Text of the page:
Zinke has said that hunting provides valuable economic benefits and helps with conservation of certain species and has launched initiatives and signed orders to look into how the department can expand opportunities for hunters, complete with an employee competition with the game "Big Buck Hunter."
Chastain said that even though the proposed rule is a change in Park Service policy federal and local agencies all have the same goal.
"We would all do better if we could work and collaborate with each other for the management of those resources. I think what gets lost in there is we all have the same goal which is to manage healthy populations it's just the matter of how we get there that is making the headlines," he said.
But animal advocacy groups like the Humane Society and Center for Biological Diversity say that practices like bear baiting are not ethical.
"This is just completely unethical and the average hunter should be appalled by these types of practices that will be allowed," Nicole Paquette, vice president of wildlife protection for the Humane Society said.
Collette Adkins, senior attorney for the Center for Biological Diversity, said that her group will likely sue to block the rule if it is finalized.
"There are several states that still allow bear baiting or killing of bears with hounds for example and what we see in those states is that it really is some of the ugliest kind of hunting around. It's not fair chase it's not sporting by any sense of the word it really is bloodsport and it just can't be tolerated in modern society," said Collette Adkins, senior attorney for the Center for Biological Diversity.
The same day the Park Service proposed repealing its previous rule, the Interior Department announced a proposal to open 248,000 acres of national wildlife refuges to more hunting and fishing.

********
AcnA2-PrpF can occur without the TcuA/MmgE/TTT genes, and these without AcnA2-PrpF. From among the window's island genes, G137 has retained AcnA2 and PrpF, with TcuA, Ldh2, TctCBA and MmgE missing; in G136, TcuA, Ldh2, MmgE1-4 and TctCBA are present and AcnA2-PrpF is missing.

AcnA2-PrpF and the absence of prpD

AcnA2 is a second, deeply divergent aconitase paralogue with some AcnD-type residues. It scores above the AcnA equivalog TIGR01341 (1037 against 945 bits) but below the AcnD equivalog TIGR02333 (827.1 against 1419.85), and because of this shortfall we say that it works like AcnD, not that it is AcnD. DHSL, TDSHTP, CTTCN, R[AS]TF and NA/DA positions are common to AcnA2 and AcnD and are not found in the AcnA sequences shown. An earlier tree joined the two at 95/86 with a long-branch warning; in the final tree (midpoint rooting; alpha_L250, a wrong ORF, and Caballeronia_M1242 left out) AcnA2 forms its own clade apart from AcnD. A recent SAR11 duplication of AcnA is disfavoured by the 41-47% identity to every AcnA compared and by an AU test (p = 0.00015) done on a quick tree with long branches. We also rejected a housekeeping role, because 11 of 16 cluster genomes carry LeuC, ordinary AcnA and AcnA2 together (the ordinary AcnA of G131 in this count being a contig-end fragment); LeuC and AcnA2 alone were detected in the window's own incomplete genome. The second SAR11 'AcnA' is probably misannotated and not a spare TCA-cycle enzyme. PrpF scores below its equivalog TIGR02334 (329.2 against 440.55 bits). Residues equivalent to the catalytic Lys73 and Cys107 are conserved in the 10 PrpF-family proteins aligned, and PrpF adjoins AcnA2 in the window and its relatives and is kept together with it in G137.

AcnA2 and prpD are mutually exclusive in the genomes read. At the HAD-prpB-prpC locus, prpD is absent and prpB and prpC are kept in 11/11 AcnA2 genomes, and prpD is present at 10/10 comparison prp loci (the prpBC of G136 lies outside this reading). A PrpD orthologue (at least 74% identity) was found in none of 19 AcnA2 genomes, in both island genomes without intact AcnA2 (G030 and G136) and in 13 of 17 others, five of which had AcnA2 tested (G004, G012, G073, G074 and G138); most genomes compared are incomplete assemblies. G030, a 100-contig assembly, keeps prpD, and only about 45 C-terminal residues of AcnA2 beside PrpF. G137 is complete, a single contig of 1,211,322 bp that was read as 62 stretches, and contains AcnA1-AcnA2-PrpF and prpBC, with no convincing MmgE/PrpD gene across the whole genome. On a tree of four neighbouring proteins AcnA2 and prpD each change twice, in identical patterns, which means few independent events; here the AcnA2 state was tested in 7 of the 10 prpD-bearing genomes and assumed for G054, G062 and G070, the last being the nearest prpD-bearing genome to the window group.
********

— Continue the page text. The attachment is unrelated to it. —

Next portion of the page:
Zinke has also appointed panels to advise the department about hunting policy. The panels include representatives from hunting and conservation groups, and the legislative director from the National Rifle Association is even listed as a member of a hunting panel announced this week.
Outdoor activities, including hunting and fishing, contributed $156 billion in economic activity across the country in 2016, according to a Park Service survey. That was a 20 percent increase from the last survey five years earlier, even though about 2 million fewer people reported participating in hunting.
Paquette pointed out that almost $80 billion of that activity was from "wildlife watchers," people who take a special interest in observing or photographing wildlife and that the number of people participating in those activities went up since the last survey in 2011. She said the administration's efforts to expand access to hunting and fishing could take away from the millions of people who want a space to enjoy wildlife.
The department has also waded into a controversy over international hunting policy with its changes to rules that banned hunters who traveled to countries in Africa to hunt elephants and lions from bringing trophies from the animals back into the United States.
After intense backlash from the public and President Trump the U.S. Fish and Wildlife Service announced that will consider permit applications on a case-by-case basis instead of issuing rules by country.
The proposed rule for hunting in Alaska will be open for public comment until late July.